Two Danish brothers have been convicted of killing a biracial man on the island of Bornholm in June.
The body of 28-year-old Phillip Mbuji Johansen was found in a forest on the Baltic Sea island on June 23, after he had spent the evening drinking with the two suspects. He died hours later.
Mads and Magnus Moeller have been each sentenced to 14 years in prison for the murder.
The brothers, aged 23 and 26, were accused of kicking, stabbing, and beating the victim to death using a wooden pole, a bottle, and a knife.
They tortured Phillip Johansen for at least 20 minutes, according to a medical examiner who testified in court, and left him helpless in the woods.
One of the brothers also pressed a knee onto the victim's neck during the attack, the court heard.
The two men had admitted to the three judges and six jurors that they had attacked Johansen, who had Danish and Tanzanian roots, but denied having intended to kill him.
The case has provoked concerns and debate in Denmark over racism, especially as it came shortly after the police killing of George Floyd in Minneapolis, United States.
Goerge Floyd's death on May 25 sparked worldwide protests demanding racial justice and condemning police brutality. An estimated 15,000 people attended a demonstration in Denmark's capital Copenhagen on June 7.
But both the prosecution and defence lawyers had ruled out a racial motive and say the murder was a personal relationship that went wrong.
Chief prosecutor Benthe Pedersen Lund said officials did not find sufficient grounds to charge the brothers under Denmark's hate crime legislation, because of their "long-standing friendship with the deceased".
The brothers have claimed they assaulted Phillip Johansen because he raped their mother, although this had never been reported to the police.
Benthe Pedersen Lund added that she was satisfied with the sentence for the "gruesome murder".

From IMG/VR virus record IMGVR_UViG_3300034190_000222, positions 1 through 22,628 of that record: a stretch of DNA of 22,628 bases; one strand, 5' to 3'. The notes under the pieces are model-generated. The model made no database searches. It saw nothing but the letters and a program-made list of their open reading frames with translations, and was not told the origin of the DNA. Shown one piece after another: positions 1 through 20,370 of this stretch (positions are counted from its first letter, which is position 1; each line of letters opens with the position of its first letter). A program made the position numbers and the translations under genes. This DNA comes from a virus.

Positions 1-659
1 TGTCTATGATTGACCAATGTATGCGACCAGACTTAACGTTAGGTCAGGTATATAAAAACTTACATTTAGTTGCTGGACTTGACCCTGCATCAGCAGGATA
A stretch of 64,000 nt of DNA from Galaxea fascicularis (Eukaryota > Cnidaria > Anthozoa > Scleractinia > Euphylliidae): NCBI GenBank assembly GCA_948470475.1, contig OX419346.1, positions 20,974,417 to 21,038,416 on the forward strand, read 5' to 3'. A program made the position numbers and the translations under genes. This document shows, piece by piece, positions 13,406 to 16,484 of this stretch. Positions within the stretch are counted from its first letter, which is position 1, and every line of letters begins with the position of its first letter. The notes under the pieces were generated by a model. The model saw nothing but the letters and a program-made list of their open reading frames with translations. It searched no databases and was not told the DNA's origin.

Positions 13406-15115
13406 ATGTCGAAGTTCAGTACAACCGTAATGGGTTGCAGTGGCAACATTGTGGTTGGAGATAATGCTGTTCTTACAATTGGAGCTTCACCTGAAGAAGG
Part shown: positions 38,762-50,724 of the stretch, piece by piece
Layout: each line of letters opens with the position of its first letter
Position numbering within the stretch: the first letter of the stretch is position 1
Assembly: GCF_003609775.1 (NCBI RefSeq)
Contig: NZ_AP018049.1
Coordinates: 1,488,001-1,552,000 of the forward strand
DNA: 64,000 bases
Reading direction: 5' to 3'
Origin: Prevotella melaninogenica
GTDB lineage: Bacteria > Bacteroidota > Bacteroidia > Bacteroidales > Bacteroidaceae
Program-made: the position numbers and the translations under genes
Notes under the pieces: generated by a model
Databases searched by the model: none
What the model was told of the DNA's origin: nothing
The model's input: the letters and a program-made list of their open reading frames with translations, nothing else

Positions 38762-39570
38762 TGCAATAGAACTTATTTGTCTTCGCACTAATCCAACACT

Both defense lawyers indicated that they would appeal the verdict and the sentencing. The trial took place in Roenne, the main town on Bornholm, south of Sweden.
The Danish chapter of SOS-Racism, an international association, had said a racist motive couldn't be ruled out in Phillip Johansen's killing, and the Danish chapter of Black Lives Matter had portrayed the case as a "racial murder."
In Denmark, complaints of racist crime are rare but steadily increasing since 2007, and almost doubled between 2016 and 2018, from 140 to 260, according to figures from the Crime Prevention Council.
Rights activists have accused Danish officials of being unable to recognise racism in the country.
Mira C. Skadegård, racism and discrimination researcher at Aalborg University, said it was "absurd" and "embarrassing" to suggest that racism did not play a role in the death of Phillip Mbuji Johansen.
"I am shocked that both the police - and large parts of the press - do not relate to the racism issue," said Skadegård.
In 2016, Denmark made headlines by passing a law requiring asylum-seekers to hand over valuables worth more than 10,000 kroner (€1,340), to help cover housing and food costs while their cases were being processed.
The country's Parliament was also criticised for voting in a controversial immigration bill in 2019 which tightened regulations on refugees in the country.